When Were Private Altars Prohibited?
Moshe opens the list of ordinances and laws ("הַחֻקִּים וְהַמִּשְׁפָּטִים") in Devarim 12–26 with a dual command to destroy the idolatrous places of worship throughout the land of Israel and to serve Hashem only at His single chosen location:
(א) אֵלֶּה הַחֻקִּים וְהַמִּשְׁפָּטִים אֲשֶׁר תִּשְׁמְרוּן לַעֲשׂוֹת בָּאָרֶץ אֲשֶׁר נָתַן ה' אֱלֹהֵי אֲבֹתֶיךָ לְךָ לְרִשְׁתָּהּ כׇּל הַיָּמִים אֲשֶׁר אַתֶּם חַיִּים עַל הָאֲדָמָה. (ב) אַבֵּד תְּאַבְּדוּן אֶת כׇּל הַמְּקֹמוֹת אֲשֶׁר עָבְדוּ שָׁם הַגּוֹיִם אֲשֶׁר אַתֶּם יֹרְשִׁים אֹתָם אֶת אֱלֹהֵיהֶם עַל הֶהָרִים הָרָמִים וְעַל הַגְּבָעוֹת וְתַחַת כׇּל עֵץ רַעֲנָן... (ד) לֹא תַעֲשׂוּן כֵּן לַה' אֱלֹהֵיכֶם. (ה) כִּי אִם אֶל הַמָּקוֹם אֲשֶׁר יִבְחַר ה' אֱלֹהֵיכֶם מִכׇּל שִׁבְטֵיכֶם לָשׂוּם אֶת שְׁמוֹ שָׁם לְשִׁכְנוֹ תִדְרְשׁוּ וּבָאתָ שָּׁמָּה. (ו) וַהֲבֵאתֶם שָׁמָּה עֹלֹתֵיכֶם וְזִבְחֵיכֶם וְאֵת מַעְשְׂרֹתֵיכֶם וְאֵת תְּרוּמַת יֶדְכֶם וְנִדְרֵיכֶם וְנִדְבֹתֵיכֶם וּבְכֹרֹת בְּקַרְכֶם וְצֹאנְכֶם.
(1) These are the ordinances and laws which you are to observe in the land which Hashem, the God of your fathers, has given you to possess it, all the days that you are living on the ground. (2) You shall surely destroy all the places where the nations which you are dispossessing worshiped their gods, on the high mountains, and on the hills, and under every green tree... (4) You shall not do so to Hashem your God. (5) But to the place which Hashem your God will choose out of all your tribes to put His name there, to His presence you shall seek and come there. (6) And there you shall bring your burnt offerings and your sacrifices, and your tithes, and the offerings of your hands, and your vows, and your freewill-offerings, and the firstborn of your cattle and your sheep.
Interestingly, in the immediately following verses, Moshe proceeds to restate almost the very same instructions:
(ח) לֹא תַעֲשׂוּן כְּכֹל אֲשֶׁר אֲנַחְנוּ עֹשִׂים פֹּה הַיּוֹם אִישׁ כׇּל הַיָּשָׁר בְּעֵינָיו. (ט) כִּי לֹא בָאתֶם עַד עָתָּה אֶל הַמְּנוּחָה וְאֶל הַנַּחֲלָה אֲשֶׁר ה' אֱלֹהֶיךָ נֹתֵן לָךְ. (י) וַעֲבַרְתֶּם אֶת הַיַּרְדֵּן וִישַׁבְתֶּם בָּאָרֶץ אֲשֶׁר ה' אֱלֹהֵיכֶם מַנְחִיל אֶתְכֶם וְהֵנִיחַ לָכֶם מִכׇּל אֹיְבֵיכֶם מִסָּבִיב וִישַׁבְתֶּם בֶּטַח. (יא) וְהָיָה הַמָּקוֹם אֲשֶׁר יִבְחַר ה' אֱלֹהֵיכֶם בּוֹ לְשַׁכֵּן שְׁמוֹ שָׁם שָׁמָּה תָבִיאוּ אֵת כׇּל אֲשֶׁר אָנֹכִי מְצַוֶּה אֶתְכֶם עוֹלֹתֵיכֶם וְזִבְחֵיכֶם מַעְשְׂרֹתֵיכֶם וּתְרֻמַת יֶדְכֶם וְכֹל מִבְחַר נִדְרֵיכֶם אֲשֶׁר תִּדְּרוּ לַה'.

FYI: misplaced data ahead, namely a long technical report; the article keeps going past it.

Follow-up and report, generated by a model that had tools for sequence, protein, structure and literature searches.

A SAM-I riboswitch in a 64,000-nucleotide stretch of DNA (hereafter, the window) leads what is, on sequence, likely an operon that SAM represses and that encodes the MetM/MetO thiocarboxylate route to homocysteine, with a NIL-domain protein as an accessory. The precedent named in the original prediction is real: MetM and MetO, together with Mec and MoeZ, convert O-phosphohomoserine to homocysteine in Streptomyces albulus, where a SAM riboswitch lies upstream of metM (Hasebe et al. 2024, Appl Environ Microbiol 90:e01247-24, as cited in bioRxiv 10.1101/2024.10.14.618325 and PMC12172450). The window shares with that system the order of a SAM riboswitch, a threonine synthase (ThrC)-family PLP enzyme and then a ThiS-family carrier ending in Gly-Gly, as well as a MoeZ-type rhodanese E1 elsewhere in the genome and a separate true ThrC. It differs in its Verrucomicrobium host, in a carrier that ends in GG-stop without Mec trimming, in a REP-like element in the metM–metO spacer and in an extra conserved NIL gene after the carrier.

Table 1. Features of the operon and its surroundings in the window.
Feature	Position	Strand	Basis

(8) You shall not do all that we are doing here today, every man whatever is right in his own eyes. (9) For you have not come until now to the rest and to the inheritance that Hashem your God is giving you. (10) And you will cross the Jordan and dwell in the land that Hashem your God will give you as inheritance, and He will give you a rest from all your enemies around, and you will dwell in safety. (11) And there shall be a place that Hashem your God will choose to cause his name to dwell there, there you shall bring all that I have commanded you, your burnt-offerings and your sacrifices, your tithes and the offerings of your hands, and all your choice vows which you vow to Hashem.
Why does Moshe repeat himself? Does the second section add something new, or is the reiteration merely for emphasis?1
When and Where?
While the first set of verses above appears to indicate that the command begins immediately upon inheriting the land of Israel, the second section mentions also the precondition of "וְהֵנִיחַ לָכֶם מִכׇּל אֹיְבֵיכֶם מִסָּבִיב וִישַׁבְתֶּם בֶּטַח" ("And He will give you a rest from all your enemies around, and you will dwell in safety").2 Was this condition of security from all of Israel's enemies fulfilled already at the time of Yehoshua's conquest3 or only at a later stage in the time of David and Shelomo's empire?4 Additionally, once the injunction against private places of worship had taken effect, did it remain for eternity, or did it cease to apply during times when Israel was no longer secure from all of its enemies?
The early books of Neviim record several occasions where characters such as Gidon, Manoach, Shemuel, and David offer sacrifices to Hashem in places other than the Mishkan. In some of these instances, the offerings were even explicitly sanctioned or commanded by Hashem. How can these cases be squared with the Torah's prohibition?